Johnson defines himself as neither a climate change denier nor a climate change alarmist.


His actions speak differently. In his years in office, Johnson co-sponsored the Energy Tax Prevention Act, which aimed to prevent new rules on carbon emissions under the Clean Air Act issued by the U.S. Environmental Protection Agency. Just this year he was one of the Republicans voting against the Inflation Reduction Act, a measure that allocated approximately $369 billion for climate and clean energy programs. On the other hand, Barnes has voiced support for these bills as well as further federal legislation to address climate change. 


Looking closer, between the lines, climate politics do seem to be an underlying issue, tying a lot of the big topics together. For the Republican party, nationwide and in Wisconsin, the focus of most campaigns is inflation, gas prices, and crime. At this rally too, Johnson touches on all of these topics 


“You can’t end fossil fuel but when you try, guess what happens?” he said. “Duh. You know, gasoline prices hit record prices and it contributes to inflation, you know, skyrocketing crime.” 


Much like in the rest of the US, Wisconsin’s Democrat campaigns put a great emphasis on the overturn of Roe v Wade and democracy being at risk ever since the Jan. 6 insurrection and legal battles surrounding voting. Johnson’s opponent Barnes turned the Republican senator’s string of arguments around at his campaign rally two nights before election day. 


The young Lieutenant Governor explained how a clean power plan can provide hundred percent renewable energy for the state and, more importantly, create tens of thousands of good-paying jobs in the process. He builds on this foundation, in these opportunities and jobs, as a solution for problems like crime. According to him, in the past, the decline in opportunities led to an unfortunate rise in crime and violence. 


He goes on to point out that, while the prices for gas have risen, oil and gas companies, oil and gas execs are making record profits. The Democrat accuses Johnson, who has been a senator for the past 12 years, to be standing with those companies instead of the people of Wisconsin. 


“He’s standing against more money in the pockets of hard-working people in order to appease wealthy donors,” he said. 


According to OpenSecrets, the energy sector funded Barnes’s campaign with almost $87,000, Johnson’s with $560,000 — almost $320,000 of which came from oil and gas. And Johnson does continue to swear by fossil fuels, which allegedly have among the highest impacts on climate change. He has claimed that the Democrats’ war on fossil fuels is the reason for the rising gas prices throughout his campaign.


“Inflation sparked by massive outta control deficits, spending record gasoline prices, high energy prices,” he said. “Why? Because of their war on fossil fuel.” 


The Republican has accused the Democrats of waging a war on fossil fuels before. At the Oct. 7 debate, just a month before Election Day, Johnson called the problem of the earth’s climate changing not solvable. He explained how he believes that investments in a greener future just don‘t make sense.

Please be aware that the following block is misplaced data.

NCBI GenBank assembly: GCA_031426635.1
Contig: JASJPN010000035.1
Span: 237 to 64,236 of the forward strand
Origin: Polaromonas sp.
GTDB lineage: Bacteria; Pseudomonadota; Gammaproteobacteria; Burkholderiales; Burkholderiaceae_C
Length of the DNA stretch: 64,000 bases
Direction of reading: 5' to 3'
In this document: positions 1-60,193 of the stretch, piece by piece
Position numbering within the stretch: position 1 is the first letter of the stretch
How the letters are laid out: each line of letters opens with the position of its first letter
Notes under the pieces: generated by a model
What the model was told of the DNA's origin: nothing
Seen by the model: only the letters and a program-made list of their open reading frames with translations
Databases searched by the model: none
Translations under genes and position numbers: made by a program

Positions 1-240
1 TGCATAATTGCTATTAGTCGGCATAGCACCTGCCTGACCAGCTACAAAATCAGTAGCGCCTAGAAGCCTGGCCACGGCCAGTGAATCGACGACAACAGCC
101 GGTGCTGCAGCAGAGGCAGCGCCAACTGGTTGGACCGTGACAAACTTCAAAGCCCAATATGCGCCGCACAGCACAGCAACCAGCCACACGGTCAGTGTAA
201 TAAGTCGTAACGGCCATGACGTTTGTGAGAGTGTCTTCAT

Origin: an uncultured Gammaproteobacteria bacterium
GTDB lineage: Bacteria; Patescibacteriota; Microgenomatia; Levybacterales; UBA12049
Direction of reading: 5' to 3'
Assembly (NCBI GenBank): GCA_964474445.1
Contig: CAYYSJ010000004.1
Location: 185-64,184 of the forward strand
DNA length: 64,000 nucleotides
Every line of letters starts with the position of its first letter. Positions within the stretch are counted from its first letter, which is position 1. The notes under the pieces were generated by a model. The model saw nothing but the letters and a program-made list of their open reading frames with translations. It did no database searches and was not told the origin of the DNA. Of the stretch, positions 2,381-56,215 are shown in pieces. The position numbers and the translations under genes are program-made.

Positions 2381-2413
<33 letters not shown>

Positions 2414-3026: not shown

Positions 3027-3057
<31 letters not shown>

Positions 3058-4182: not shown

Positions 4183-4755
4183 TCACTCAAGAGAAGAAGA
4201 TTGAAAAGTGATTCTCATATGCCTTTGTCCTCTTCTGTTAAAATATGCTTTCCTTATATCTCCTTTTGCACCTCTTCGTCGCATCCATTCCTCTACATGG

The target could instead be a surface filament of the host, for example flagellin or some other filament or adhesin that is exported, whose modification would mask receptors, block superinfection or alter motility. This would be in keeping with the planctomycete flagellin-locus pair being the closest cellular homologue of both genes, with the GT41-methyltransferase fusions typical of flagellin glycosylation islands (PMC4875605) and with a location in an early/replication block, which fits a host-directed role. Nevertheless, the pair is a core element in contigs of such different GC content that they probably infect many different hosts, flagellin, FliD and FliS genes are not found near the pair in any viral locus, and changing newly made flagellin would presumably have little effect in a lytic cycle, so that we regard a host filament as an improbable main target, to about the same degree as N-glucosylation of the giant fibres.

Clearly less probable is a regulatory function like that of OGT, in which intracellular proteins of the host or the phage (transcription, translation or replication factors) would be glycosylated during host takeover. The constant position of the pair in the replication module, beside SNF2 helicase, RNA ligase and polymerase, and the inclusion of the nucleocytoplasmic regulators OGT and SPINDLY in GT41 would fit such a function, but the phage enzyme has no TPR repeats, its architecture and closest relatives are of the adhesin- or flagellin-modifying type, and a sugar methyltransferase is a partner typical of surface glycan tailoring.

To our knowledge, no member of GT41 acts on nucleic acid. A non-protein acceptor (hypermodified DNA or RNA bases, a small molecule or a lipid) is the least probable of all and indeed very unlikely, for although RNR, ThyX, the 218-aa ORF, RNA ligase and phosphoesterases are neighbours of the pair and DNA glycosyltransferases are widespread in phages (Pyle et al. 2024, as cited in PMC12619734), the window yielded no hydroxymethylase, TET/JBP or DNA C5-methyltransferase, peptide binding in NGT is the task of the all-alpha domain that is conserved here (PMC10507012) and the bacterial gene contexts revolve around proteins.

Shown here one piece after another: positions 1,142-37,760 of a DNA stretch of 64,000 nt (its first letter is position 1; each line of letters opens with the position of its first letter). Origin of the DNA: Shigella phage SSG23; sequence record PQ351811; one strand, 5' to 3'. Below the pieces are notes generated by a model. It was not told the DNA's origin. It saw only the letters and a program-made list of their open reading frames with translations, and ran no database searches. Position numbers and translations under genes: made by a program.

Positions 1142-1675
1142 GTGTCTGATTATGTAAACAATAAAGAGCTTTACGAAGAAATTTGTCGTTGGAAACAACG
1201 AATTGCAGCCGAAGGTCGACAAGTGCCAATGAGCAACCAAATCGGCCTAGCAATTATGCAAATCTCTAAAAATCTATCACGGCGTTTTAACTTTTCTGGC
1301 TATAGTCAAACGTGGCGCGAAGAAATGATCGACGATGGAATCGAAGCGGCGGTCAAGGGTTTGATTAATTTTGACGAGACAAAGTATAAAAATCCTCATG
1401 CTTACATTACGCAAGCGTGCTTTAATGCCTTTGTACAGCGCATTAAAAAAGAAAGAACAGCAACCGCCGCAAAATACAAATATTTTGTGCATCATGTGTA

On the other side, Barnes emphasized the importance of reducing carbon emissions and how the state needed to move towards a clean energy economy and make sure Wisconsin is in the driver’s seat. 


According to the United Nations, since the 1800s, human activities have been the main driver of climate change, primarily due to burning fossil fuels.


The young Lieutenant Governor is chair of the first-ever Governor’s Task Force on Climate Change. Tasked with proposing policy options that would help move the state closer to the governor’s goal of achieving 100 percent carbon-free energy by 2050, their mission is to help prepare the state for the impacts of climate change.


During the debate Johnson emphasized that wind and solar are not reliable, whilst his opponent promised to work towards energy independence, launching a national green bank, and funding clean energy projects upon election.


Where one sees a downfall, the other sees hope. Barnes highlights the economic opportunities that climate-friendly measures and regulations for industries such as farming and manufacturing can bring.  Meanwhile, Johnson holds onto his strong opposition to government spending addressing global warming, believing that these actions trying to control the climate simply hurt the economy.


While some attendees at Ron Johnson’s rally are convinced that climate change is a means to an end for the democrats to make money, student Mary Helen Prince has a different idea for the future. 


“I think we need to stop supporting big oil and big gas,” she said. “I think we need to start spending more and more money on sustainable energy and sustainable agriculture.”


In her opinion, people need to be more aware and stop taking on the burden of climate change. Instead, she says the responsibilities should lie with the leaders of the big oil companies and the plastic producers.


Climate change seems to be a poster child example of the division in this state and in the country between the two parties. Both candidates have a distinct vision for the future, values that drive them. One supports the acts that the other condemns. While one sees the future in fossil fuels, the other sees opportunities in anything but it. It’s one of the topics most by the outcome of the election. Barnes, the liberal governor in his mid-thirties, would have probably taken the state in the opposite direction of his antagonist, conservative winner Senator Johnson. For better or worse, climate change will most probably not take center stage in Wisconsin’s senator’s politics.